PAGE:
Email can be a CLM – a career limiting move. Have you ever accidentally clicked reply all after sounding off without any editing? Has that never happened to you? I'm pretty sure it has. One of the career changing step ups I made was learning to use email more effectively by giving myself guidelines I like to follow.
First, when I see an error (like a typo, a wrong attachment, or inaccurate statement in an email rather than reply all and embarrass the person especially if they are on my team– I reply to that person and point it out. I would want that to happen to me and even thought it totally DOESN’T that often I still treat email as a kindness tool opportunity. Of course, there are situations when you have to reply all to make a point or enforce a rule, so you need to make some decisions. Here’s some other tips and tricks:
1. I also try to suggest improvements directly to the person so that it doesn’t look like I’m trying to grandstand or bully remember you’re really on all the same TEAM (Together Everyone Achieves More).
2. If an email turns into many paragraphs I setup a meeting and turn that email into an agenda.
3. When I’m working in an ESL, technical, or unfamiliar environment, I keep the sentences short, direct and mostly present tense. Keeping it simple helps convey the topic for everyone.
4. Try not to reply all unless everyone (like a team) is working on the topic and needs to see the replies.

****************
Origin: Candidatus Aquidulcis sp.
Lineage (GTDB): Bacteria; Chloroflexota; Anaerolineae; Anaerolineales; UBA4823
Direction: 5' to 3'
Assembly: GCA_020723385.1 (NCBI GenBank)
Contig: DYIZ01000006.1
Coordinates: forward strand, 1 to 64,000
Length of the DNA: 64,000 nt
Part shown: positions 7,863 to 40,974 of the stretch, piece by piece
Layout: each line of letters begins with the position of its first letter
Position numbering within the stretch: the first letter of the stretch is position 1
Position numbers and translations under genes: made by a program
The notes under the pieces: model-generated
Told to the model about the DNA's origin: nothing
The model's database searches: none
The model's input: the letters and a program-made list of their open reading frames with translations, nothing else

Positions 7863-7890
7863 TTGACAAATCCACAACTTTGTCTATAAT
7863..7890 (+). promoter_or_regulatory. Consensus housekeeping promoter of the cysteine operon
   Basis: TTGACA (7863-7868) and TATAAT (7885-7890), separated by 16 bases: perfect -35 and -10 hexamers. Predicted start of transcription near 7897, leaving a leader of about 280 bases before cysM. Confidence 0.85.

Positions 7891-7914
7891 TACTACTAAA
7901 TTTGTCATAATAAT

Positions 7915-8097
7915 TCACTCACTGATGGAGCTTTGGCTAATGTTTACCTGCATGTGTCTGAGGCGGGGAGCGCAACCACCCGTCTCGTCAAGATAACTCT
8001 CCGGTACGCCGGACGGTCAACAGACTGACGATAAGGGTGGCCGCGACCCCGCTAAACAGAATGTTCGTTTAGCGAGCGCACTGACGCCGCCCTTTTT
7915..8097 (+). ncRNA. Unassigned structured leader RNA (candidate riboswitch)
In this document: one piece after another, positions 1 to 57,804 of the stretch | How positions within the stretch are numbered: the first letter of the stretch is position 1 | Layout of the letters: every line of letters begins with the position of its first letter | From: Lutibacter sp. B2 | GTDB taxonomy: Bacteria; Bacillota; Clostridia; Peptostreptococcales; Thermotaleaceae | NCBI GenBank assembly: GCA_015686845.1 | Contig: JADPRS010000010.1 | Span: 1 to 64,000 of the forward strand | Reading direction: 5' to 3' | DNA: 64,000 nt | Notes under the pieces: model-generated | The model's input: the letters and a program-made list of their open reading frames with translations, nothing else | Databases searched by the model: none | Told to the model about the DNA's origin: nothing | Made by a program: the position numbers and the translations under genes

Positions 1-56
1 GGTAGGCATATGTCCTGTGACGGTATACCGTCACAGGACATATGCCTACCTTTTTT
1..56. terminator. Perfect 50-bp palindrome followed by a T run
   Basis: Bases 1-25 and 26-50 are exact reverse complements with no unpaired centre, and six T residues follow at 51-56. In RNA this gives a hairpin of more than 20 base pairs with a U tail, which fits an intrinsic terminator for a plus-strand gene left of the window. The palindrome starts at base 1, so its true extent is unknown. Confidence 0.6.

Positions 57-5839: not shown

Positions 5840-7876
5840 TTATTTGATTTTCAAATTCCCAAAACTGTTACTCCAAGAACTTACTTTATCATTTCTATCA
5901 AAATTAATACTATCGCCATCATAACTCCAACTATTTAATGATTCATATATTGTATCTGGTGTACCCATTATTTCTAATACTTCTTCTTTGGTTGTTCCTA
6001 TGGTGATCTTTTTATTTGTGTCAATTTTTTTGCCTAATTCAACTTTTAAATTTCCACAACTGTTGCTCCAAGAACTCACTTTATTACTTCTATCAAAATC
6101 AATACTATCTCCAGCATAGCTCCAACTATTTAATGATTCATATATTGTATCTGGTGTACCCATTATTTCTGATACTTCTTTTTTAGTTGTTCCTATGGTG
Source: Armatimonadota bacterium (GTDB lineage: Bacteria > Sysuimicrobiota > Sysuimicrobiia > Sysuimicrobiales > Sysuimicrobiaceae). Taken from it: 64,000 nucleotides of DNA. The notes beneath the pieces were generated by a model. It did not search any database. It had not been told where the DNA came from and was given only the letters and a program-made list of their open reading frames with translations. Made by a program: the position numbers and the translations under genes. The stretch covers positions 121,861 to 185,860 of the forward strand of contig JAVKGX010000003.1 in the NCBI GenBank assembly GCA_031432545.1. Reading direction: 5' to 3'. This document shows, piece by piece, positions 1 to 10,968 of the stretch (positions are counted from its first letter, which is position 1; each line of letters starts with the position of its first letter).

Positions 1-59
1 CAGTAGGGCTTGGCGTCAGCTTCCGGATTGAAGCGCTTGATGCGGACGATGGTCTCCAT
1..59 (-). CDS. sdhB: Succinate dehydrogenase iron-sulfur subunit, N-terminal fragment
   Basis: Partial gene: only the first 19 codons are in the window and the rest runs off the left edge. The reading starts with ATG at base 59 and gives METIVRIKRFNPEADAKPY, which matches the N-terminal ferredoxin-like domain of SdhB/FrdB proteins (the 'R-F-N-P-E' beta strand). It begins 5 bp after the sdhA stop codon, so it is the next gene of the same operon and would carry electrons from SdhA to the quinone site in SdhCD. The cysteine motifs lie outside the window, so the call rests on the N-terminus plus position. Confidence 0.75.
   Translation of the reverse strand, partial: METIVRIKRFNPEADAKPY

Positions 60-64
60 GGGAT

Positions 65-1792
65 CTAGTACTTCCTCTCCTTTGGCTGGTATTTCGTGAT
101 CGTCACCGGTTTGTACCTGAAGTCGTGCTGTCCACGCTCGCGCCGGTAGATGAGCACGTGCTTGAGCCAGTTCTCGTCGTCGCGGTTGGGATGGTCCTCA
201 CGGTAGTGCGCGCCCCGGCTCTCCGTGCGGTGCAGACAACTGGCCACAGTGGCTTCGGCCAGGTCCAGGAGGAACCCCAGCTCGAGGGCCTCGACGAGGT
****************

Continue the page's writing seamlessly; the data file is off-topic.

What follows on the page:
5. Keep as much emotion out of the email and don’t go on and on about the topic. If you need to really discuss it then call a meeting. When people have an ax to grind and I get the email it sets my teeth on edge and makes me wonder if I ever want to open another one from them. So, I try to use the next tip.
6. Accept the email as a non-emotional item. Its weird but if you think of the email as ‘a thing’ that doesn’t have emotion, when you read it you are less likely to infer emotion or attitude from the writer and then get mad. The email author may have no emotion meant at all so might be surprised if you read emotion into their email.
7. When I get angry, I may answer an email right away, delete it and walk away. Delete is key here – don’t save it in your drafts in case it accidentally gets sent. It then allows me to write a more professional email when I’ve had a chance to reflect and relax.
8. When I make a mistake in an email – and it’s pointed out even in “a not so nice way” - I still reply all and say sorry and fix the mistake. Owning errors is a trust builder with your audience.
9. When you can – reach out and say thank you when someone sends you what you need or great job when someone takes a proactive approach.
10. Think about each person on the email and talk to them so they understand why they are on the email and then they don’t automatically just dismiss your information.
11. Take some training on writing effective emails since we are all doing it a lot in business and our personal life and it’s worth it to be able to communicate clearly in this format.
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